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Sunday, March 30, 2014

It All Adds Up...

I have a limited appreciation for math.  Of course,  I know it's a very important subject.  An adeptness at math is required to carry out many of our daily activities. Being able to figure percentages can come in handy when faced with sale prices and nutrition labels.  Road signs feature fractions that tell us the distance to our destination.  Recipes indicate how much of certain ingredients to include in various dishes.  Calculating monthly bills requires specific arithmetic skill.

I keep no secrets with regard to my statistical shortcomings.  I loathe math! Despite my inability to divide by anything higher than five, Desmond and Bro seem to be learning what's necessary in order for them to do well in school, secure decent jobs someday and make the world a better place.  We have one simple rule in this house concerning the homework.  David checks numbers, and I review the words.  I've always favored sentences and stories, anyway.  When situations involve math, I prefer to examine the motives.

Let's say Jack buys six new albums at the record store.  Susie borrows four of them, two of which she lends to Chad, a guy she knows from her job at Smashburger. Chad is creepy but he deals decent weed, and Susie hopes he can get her an ounce because she and her two best girlfriends are headed down the shore for Memorial Day weekend.  Chad is an unreliable resource.  Actually, he's an asshole.  He gets pulled over that night and DWI'd, his vehicle confiscated with Jack's music in the glove compartment.  Poor Jack hasn't even listened to Automatic For The People yet.  A month passes and every time Susie sees Jack, she crosses the street to avoid him.  Now, here's where the math comes in.  How many times is Susie going to treat Jack like shit before he finally realizes that she's just a bitch and has been since the second grade?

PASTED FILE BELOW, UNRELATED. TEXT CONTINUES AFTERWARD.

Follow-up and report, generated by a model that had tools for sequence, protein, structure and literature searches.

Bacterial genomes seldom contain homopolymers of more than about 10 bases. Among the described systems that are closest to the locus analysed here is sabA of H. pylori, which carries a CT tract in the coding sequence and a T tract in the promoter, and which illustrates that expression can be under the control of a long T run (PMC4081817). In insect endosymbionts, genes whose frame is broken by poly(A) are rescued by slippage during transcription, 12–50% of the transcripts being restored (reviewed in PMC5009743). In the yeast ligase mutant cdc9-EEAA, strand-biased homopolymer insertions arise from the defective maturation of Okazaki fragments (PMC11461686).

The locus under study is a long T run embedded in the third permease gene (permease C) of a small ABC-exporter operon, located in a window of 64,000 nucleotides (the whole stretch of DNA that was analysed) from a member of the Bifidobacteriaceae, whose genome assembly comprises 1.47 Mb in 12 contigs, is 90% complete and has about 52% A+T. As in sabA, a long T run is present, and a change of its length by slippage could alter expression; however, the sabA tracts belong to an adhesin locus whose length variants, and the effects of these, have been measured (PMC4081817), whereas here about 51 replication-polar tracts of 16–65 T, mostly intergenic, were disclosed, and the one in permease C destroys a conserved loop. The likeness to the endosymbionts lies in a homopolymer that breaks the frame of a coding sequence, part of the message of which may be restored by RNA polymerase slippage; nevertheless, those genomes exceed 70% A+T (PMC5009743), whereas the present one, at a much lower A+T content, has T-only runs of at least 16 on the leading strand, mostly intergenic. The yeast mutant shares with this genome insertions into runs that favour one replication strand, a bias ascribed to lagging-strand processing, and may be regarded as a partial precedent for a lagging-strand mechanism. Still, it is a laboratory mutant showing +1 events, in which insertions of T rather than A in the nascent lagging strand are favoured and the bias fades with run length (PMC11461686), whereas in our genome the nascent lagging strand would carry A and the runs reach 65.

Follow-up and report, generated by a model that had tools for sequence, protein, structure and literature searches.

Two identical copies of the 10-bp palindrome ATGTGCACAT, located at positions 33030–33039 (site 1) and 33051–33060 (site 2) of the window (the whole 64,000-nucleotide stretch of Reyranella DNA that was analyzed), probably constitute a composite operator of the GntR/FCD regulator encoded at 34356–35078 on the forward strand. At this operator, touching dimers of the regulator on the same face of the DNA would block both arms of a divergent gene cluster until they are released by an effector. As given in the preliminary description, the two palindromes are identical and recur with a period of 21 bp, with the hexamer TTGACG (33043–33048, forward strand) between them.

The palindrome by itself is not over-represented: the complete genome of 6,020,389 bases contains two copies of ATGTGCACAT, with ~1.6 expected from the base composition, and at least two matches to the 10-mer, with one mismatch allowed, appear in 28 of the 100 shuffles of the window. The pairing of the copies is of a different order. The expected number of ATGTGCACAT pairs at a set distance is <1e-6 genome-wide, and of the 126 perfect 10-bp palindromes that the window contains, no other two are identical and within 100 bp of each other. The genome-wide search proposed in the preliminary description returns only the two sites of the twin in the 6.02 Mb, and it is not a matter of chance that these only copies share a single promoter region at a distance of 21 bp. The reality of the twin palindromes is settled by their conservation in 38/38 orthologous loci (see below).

This neighborhood alone presents a myriad of challenges for the numerically impaired.  I get by, but just barely.  Five boxes of girl scout cookies cost twenty dollars, so that's a nice clean transaction.  I could easily polish off two dozen Samoas without flinching.  I can make correct change if we come across a lemonade stand.  The children have to be very young though, with only the vaguest conceptual grasp of money, in case I get flustered.  It could happen.  Pizzas are round, and they're generally cut into triangles.  This means I can invite six kids over for lunch, but Dave and I have to eat something else.

I clip my children's fingernails on Saturday evenings after they shower, ever since they were babies.  As toddlers, I'd sit them down with a basket full of plastic wind-up toys.  Cars, robots, fish, a donkey with collapsible legs, chattering teeth and an assortment of mice and frogs.  Both boys were so fascinated by these tiny contraptions.  On alternating weeks, I'd manage to get the toenails addressed as well - with very little fuss.
As my sons have gotten older and larger, we sit together on the edge of the bathtub.  They swing their big legs over mine, positioning their hooves above a wastebasket to catch the shrapnel.  It has become a purely administrative exchange.  Every now and again, Rory gives me a hard time.  He claims that I manhandle his digits.  He is full of baloney.  I am as gentle as I can be, a pedicurial foot soldier on the front lines in every sense of the word.  War is hell.
"Really, Mom.  I can do this myself," he suggests as he takes the little scissor and cuts vertically along the top of his nail, creating an impressive jagged effect.
"Nice fringe, Bro.  Can we just get this over with?"
"Fine, but don't be so rough," he begs.
"C'mon, already.  Man up."

"How many times a year do you think you clip my toenails?" he asked me last week as he hung over my shoulder, checking my progress.
"I'm not sure, Brother.  Let's figure it out.  There's 365 days in a year.  Divide that by 52 weeks and you get 7.  Add your current age, which is 9 and you have 16. Count the number of toes on each foot, multiply that by 2 and there's your answer.  I clip your toenails 26 times a year."
"It feels like more," he said.
"Don't I know it," I replied.

"Mom, you've gotta admit.  Dad's the smartest member of our family," Rory professes without hesitation.
I take no offense to this blanket statement.  David is a very bright guy, and I'm glad Rory recognizes his father's worth.  He is, after all, in charge of the math.  I don't know what I'd do without him.  Perhaps it is the fact that my husband has never clipped a child's toenails that has helped him retain his edge.
"You're right, Bro.  I admit it.  Dad is awesome."  I finish up with that last resistant pinky toe and send him on his way.
"Go find your brother.  It's his turn."

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